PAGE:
European markets closed slightly higher on Thursday after the European Central Bank said it was keeping its rates unchanged and vowed to carry on with its asset-purchasing program.
The pan-European Stoxx 600 ended 0.08 percent higher with most sectors in positive territory and major bourses mixed. Insurance stocks were among the best performers on earnings news. Aviva ended close to the top of the STOXX 600, up by 6.4 percent, after announcing a strong full-year operating profit.
Basic resources, by contrast, slumped more than 3 percent by Thursday's close, on soft consumer price data in China and a weakening of the yuan.
The oil and gas sector was also down by 1.5 percent after another drop in oil prices. This came after data from the Energy Information Administration showed inventories rose by 8.2 million barrels last week. Brent crude dropped 2.2 percent to $51.91 a barrel and WTI fell 2.41 percent to $49.07 a barrel.
At the top of the European benchmark was Akzo Nobel, the Dutch paints and chemicals maker rejected a $22 billion offer from a U.S. firm on Thursday. Its shares ended 12.9 percent higher on the news. The French publisher Lagardere jumped 10.25 percent after posting a 13.5 percent increase in earning before interest and tax.
Domino's sank 13.1 percent with the pizza group announcing an expansion in the Norwegian market and an intention to open 80 new stores in the U.K. It also stated Thursday that its full-year profit rose 17 percent in 2016.
Meanwhile, in the U.S., the Dow Jones industrial average and broader S&P 500 continued slightly higher ahead of a probable interest rate hike next week.
After solid U.S. jobs figures released Wednesday, expectations of a rate hike by the U.S. Federal Reserve next week have become even stronger.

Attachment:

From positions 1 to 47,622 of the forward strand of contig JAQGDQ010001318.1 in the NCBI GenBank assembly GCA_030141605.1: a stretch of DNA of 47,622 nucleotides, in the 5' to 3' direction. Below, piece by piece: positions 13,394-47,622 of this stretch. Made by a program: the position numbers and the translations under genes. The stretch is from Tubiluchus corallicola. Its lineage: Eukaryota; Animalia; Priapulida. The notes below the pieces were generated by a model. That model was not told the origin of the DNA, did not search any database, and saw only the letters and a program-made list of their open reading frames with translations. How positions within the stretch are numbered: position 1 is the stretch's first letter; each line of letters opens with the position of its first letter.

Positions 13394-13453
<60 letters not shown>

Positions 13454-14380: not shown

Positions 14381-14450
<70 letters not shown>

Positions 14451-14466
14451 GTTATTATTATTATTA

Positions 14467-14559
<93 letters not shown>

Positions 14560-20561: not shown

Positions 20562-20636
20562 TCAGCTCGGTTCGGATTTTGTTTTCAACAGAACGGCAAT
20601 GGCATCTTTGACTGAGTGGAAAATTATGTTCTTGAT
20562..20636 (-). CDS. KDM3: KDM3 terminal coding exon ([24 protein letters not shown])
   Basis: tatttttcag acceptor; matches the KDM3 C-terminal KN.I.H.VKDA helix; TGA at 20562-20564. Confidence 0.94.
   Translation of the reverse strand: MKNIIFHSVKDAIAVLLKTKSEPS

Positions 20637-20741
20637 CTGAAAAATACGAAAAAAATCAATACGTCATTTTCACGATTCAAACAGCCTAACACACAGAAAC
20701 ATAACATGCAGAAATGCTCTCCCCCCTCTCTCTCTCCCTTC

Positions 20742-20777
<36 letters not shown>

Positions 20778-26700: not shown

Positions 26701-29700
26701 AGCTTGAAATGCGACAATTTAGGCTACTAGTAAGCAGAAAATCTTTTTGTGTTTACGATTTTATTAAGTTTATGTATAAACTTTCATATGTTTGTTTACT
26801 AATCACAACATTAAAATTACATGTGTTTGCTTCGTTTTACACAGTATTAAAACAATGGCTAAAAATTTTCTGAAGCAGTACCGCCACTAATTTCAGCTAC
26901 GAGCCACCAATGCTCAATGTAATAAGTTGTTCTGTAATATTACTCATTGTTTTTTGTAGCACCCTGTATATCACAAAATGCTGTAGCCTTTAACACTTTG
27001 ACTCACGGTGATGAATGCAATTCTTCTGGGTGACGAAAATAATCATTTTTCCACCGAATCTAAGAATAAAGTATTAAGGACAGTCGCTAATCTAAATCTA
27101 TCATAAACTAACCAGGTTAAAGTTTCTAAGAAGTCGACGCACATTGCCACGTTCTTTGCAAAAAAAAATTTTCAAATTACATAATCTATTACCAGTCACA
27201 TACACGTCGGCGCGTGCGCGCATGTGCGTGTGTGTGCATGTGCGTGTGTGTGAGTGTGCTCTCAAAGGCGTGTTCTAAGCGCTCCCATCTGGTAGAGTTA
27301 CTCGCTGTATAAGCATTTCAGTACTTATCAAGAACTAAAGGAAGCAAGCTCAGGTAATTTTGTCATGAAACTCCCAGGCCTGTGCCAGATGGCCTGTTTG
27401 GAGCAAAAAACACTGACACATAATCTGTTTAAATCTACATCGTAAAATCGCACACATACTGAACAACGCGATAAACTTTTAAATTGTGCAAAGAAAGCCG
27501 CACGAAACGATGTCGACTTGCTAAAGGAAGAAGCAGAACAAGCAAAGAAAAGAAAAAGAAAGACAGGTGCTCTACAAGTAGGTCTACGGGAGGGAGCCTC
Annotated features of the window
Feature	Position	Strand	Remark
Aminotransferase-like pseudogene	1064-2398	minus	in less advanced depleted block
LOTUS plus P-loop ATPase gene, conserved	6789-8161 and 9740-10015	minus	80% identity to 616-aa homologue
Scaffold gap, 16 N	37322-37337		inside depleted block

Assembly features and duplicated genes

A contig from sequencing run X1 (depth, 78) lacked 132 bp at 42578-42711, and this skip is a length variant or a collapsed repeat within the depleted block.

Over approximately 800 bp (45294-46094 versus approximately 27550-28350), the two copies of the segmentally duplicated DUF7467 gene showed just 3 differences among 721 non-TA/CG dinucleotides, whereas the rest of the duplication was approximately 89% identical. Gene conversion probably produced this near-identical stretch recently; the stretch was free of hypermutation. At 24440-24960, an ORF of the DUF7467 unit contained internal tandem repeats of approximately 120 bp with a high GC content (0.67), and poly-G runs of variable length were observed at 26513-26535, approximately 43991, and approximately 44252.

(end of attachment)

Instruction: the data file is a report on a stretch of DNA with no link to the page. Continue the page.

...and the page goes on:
However, the main focus in Europe was on the European Central Bank. The bank kept rates unchanged on Thursday and promised to keep its massive stimulus program.
The bank also revised its inflation forecasts upwards. It sees headline inflation at 1.6 percent at the end of 2018 compared to the 1.5 percent projected last December. In terms of growth, the bank has also revised its forecasts upwards for this year from 1.7 percent to 1.8 percent. However, it called on all euro area countries to step up reforms to ensure stable growth.
European Central Bank President Mario Draghi declared the euro "irrevocable" at Thursday's press conference ahead of key elections this summer. As a consequence, German 10-year bond yields spiked to hit a one-month high of 0.43 percent and the euro hit session high of $1.0605.
In corporate news, the Danish firm Novo Nordisk has begun talks with Global Blood Therapeutics, a U.S. company, for a potential acquisition, Reuters reported. Rio Tinto's chairman Jan du Plessis has said he will step down in the coming year after more than eight years in the job.
On the data front, Greece's unemployment rate fell to 23.1 percent in December from 24.1 percent for the same time in 2015. Elsewhere, European leaders are gathering in Brussels for a two-day summit.